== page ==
Here’s the After version. Again, we’re just looking at the top of the page. We’ll see what the Fiddler Everywhere request look like. So this is what we’ve seen throughout the talk. I’m going to right-click on the last one and mark it in orange so we can remember where we were. If I go back to the browser, as I scroll down, these images are coming into view, and those are some of the larger images. We can see that there were additional requests for those images.

lazy loading

Again, lazy loading just gives me the ability to say those don’t need to be loaded initially but only when you scroll down. There are various ways to do this. Here I am using a JavaScript file called lazysizes. This has also been added natively to some of the modern browsers using the loading attribute. Either way, it works.

The loading attribute is not supported for all the clients; therefore, I continue to use JavaScript. But I just need to indicate on the image that I don’t want it to load right away. And then the browser or the JavaScript will take care of it. When it’s about to come into view, it will automatically download that particular image. Again, I’m emphasizing the main rendering of the page. It’s possible that the person may not even scroll down, so why download those unless they need them? That’s what lazy loading lets me do.

Why should I pay attention to TLS versioning?

Another thing to look for is the version of TLS that’s being used for HTTPS. Keep in mind that you should be using HTTPS for all your websites. TLS is the actual encrypted tunnel that’s used. There are various versions of that. The most recent is TLS 1.3. The advantage over 1.2 is it uses fewer handshakes at the beginning. So instead of, in the world of TLS 1.2, it needing to go back and forth two times to set up the TLS, it only needs to do that once in 1.3. I’ve worked on a site where going to TLS 1.3 was 20% faster. By setting a newer version of TLS that’s supported by most modern browsers, you get, first, better security. But there are fewer handshakes which also helps in the connection creation, and you could see some performance benefits.

The way you can tell the version, here I clicked on the HTML page. In the overall and the request details, you can see that it lists the version of TLS. In this case, it’s 1.2. But that’s where you can check. And if you’re able to use TLS 1.3, it will be more secure and should perform better for you as well.

TLS versioning

How does Fiddler Everywhere support HTTP/2 network traffic?

The last thing we’re going to check in this video is whether the site uses HTTP/2 or not. A great new addition to Fiddler Everywhere is the ability to use HTTP/2 as a protocol. I first need to make sure that I have it configured. Presently, it’s still a beta feature. I’m going to go into the Settings, and go to Connections. In the Settings in Connection, I’m going to enable HTTP/2 support in Fiddler Everywhere. I’ve added the column for the HTTP version. And we can see that it’s using HTTP/2. The advantage of HTTP/2 is it will only use a single connection to each host.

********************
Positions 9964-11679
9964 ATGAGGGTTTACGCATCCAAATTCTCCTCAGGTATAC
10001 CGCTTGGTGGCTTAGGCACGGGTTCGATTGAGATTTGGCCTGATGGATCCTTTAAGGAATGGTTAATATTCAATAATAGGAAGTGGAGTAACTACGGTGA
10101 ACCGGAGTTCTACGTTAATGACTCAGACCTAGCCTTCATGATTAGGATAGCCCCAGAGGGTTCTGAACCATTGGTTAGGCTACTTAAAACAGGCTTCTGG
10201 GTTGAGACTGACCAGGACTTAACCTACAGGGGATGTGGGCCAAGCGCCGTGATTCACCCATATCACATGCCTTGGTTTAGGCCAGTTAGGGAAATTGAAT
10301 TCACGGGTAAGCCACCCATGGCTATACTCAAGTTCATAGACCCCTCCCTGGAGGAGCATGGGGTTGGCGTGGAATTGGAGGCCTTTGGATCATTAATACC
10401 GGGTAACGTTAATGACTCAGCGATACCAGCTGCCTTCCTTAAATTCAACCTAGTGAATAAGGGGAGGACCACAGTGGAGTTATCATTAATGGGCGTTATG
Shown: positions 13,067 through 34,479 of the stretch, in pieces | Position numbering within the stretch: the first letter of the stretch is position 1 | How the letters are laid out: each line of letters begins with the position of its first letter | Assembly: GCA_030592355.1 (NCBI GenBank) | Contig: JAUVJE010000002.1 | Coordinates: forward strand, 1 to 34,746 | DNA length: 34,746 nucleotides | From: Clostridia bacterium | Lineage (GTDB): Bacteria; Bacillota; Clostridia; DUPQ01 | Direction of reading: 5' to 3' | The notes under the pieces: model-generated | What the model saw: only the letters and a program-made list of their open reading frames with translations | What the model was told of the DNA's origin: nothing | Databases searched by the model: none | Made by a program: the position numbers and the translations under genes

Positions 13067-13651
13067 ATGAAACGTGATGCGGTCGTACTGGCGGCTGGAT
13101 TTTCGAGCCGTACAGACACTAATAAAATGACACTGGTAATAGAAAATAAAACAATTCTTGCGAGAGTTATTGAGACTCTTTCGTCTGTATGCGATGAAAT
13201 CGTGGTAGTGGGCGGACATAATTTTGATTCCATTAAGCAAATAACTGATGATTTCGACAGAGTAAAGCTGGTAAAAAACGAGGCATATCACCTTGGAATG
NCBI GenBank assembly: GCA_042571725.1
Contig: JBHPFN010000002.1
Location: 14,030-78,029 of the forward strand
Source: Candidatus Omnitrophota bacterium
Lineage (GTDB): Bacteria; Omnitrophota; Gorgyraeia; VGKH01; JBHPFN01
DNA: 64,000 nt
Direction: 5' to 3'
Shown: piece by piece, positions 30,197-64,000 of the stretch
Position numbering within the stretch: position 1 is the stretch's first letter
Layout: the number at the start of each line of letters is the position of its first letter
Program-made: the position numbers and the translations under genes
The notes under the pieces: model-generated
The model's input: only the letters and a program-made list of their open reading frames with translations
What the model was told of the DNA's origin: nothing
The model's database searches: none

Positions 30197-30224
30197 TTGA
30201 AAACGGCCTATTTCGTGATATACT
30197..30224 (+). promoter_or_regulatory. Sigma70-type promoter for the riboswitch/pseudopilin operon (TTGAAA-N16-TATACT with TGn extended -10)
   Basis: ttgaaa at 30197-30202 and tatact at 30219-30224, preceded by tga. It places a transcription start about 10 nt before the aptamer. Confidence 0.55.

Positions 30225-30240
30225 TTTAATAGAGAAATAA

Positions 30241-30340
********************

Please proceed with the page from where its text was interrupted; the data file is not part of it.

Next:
HTTP/2 setting

In the past when browsers wanted to connect with HTTP 1.1, the spec said they could open two connections per host. Eventually, browser vendors found they could do more things in parallel. And most of them were opening six separate connections to each host. Each TCP/TLS connection needs to do some handshakes to be set up and they start slow. We don’t want to go through that multiple times if that’s not necessary and HTTP/2 did away with that. Instead, it’s going to use one single connection per host. It just multiplexes the requests and responses on that same connection. This is how I can tell if that site supports HTTP/2 or not, which brings along some performance benefits.

HTTP column

As we talked about with connections, it’s nice that Fiddler Everywhere now supports HTTP/2 and that we can see that that’s how this site was requested. Throughout this video, we’ve seen several performance techniques. We did not dive into how to configure all of those, but we were focusing on how Fiddler Everywhere allows me to look at a particular site and look for certain techniques to make sure those are in place so that we have the best performance we can expect for the site.

In the next video, we’re going to look at how we can troubleshoot for other devices. Specifically, how I can run Fiddler Everywhere on my laptop yet want to see traffic from phones, tablets, or even potentially another laptop. Even if I don’t want to install anything on their machine. We’ll look at how we can configure Fiddler Everywhere to accept those requests and how we can configure a client to point to our instance of Fiddler Everywhere so we can do the tracing. We’ll also see how we can export the HTTPS certificates so that can be used on the clients so that we can decrypt the HTTPS traffic.


To watch the video on demand, head on over to:'s-web-performance-techniques-using-fiddler-everywhere

About the Author

Eve Turzillo

Eve is a senior developer advocate at Progress and is enthralled in everything to do with web debugging and the world of network traffic. When not writing content or streaming, you can find her at your favorite developer events.